At the dedication ceremony of the National Gallery of Art in 1941, President Franklin Delano Roosevelt said: “to accept this work today is to assert the purpose of the people of America, that the freedom of the human spirit and human mind, which has produced the world’s great art and all its science – shall not be utterly destroyed.” The vision and leadership of western allied leaders, in particular General Eisenhower, made the protection of artistic and cultural treasures a priority and the return of stolen property inviolate.

The Monuments Men were the people who implemented and affected that policy. Their legacy is rich and filled with incredible examples of how to protect cultural treasures from armed conflict. But their legacy has been all but lost. We, as a nation, have paid a high price for not having preserved and utilized that legacy. Time is running out.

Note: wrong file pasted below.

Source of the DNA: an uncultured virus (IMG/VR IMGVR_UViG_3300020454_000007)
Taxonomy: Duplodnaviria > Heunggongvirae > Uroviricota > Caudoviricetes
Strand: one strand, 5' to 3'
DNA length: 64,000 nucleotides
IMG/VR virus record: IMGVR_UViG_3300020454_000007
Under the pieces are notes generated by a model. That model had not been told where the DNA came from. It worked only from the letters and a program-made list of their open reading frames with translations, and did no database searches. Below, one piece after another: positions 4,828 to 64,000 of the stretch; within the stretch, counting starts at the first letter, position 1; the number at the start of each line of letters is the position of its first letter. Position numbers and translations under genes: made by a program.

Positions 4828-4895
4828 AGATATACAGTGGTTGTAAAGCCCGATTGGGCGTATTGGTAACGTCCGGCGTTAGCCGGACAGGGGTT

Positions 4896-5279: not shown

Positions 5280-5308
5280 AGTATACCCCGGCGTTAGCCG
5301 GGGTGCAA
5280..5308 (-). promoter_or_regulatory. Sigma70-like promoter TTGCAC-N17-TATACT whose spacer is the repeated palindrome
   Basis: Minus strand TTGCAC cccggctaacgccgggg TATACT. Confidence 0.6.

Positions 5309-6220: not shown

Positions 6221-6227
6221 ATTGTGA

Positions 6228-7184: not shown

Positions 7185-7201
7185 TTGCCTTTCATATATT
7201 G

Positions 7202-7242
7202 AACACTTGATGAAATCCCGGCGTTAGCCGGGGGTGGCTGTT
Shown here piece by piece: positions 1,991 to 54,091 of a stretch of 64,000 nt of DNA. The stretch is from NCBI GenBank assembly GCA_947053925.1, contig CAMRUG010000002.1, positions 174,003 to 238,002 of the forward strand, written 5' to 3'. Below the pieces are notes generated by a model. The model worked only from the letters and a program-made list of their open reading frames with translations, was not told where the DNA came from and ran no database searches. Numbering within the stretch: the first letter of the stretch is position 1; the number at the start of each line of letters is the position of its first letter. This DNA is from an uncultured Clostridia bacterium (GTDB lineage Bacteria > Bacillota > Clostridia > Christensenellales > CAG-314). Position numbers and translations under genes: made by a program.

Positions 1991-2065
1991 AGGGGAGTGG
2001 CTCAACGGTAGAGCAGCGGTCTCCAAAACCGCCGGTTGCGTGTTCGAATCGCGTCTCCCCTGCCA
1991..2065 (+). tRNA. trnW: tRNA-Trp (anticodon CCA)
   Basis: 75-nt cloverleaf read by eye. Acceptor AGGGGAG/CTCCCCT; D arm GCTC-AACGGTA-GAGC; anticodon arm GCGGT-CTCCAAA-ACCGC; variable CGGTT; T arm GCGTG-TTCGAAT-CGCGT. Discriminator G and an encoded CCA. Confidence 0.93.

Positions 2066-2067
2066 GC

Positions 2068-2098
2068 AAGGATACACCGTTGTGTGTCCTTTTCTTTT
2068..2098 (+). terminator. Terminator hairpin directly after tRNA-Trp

For that reason, I am announcing today the creation of the Monuments Men Foundation for the Preservation of Art. It’s mission is to preserve the legacy of the unprecedented and heroic work of the Monuments Men during World War II by raising public awareness of the importance of protecting and safeguarding civilization’s most important artistic and cultural treasures from armed conflict.

In addition to completing our research on these men and women, the foundation will promote and support educational programs in schools and universities. It will also identify, honor, and bestow, the annual “Monuments Men” award to individuals and institutions that represent and uphold the principals and ideals of the monuments men by making an extraordinary contribution to the protection of civilization’s greatest treasures. We appeal to people of good will everywhere to join us in celebrating these great heroes in the most appropriate manner possible: preserve and utilize their legacy.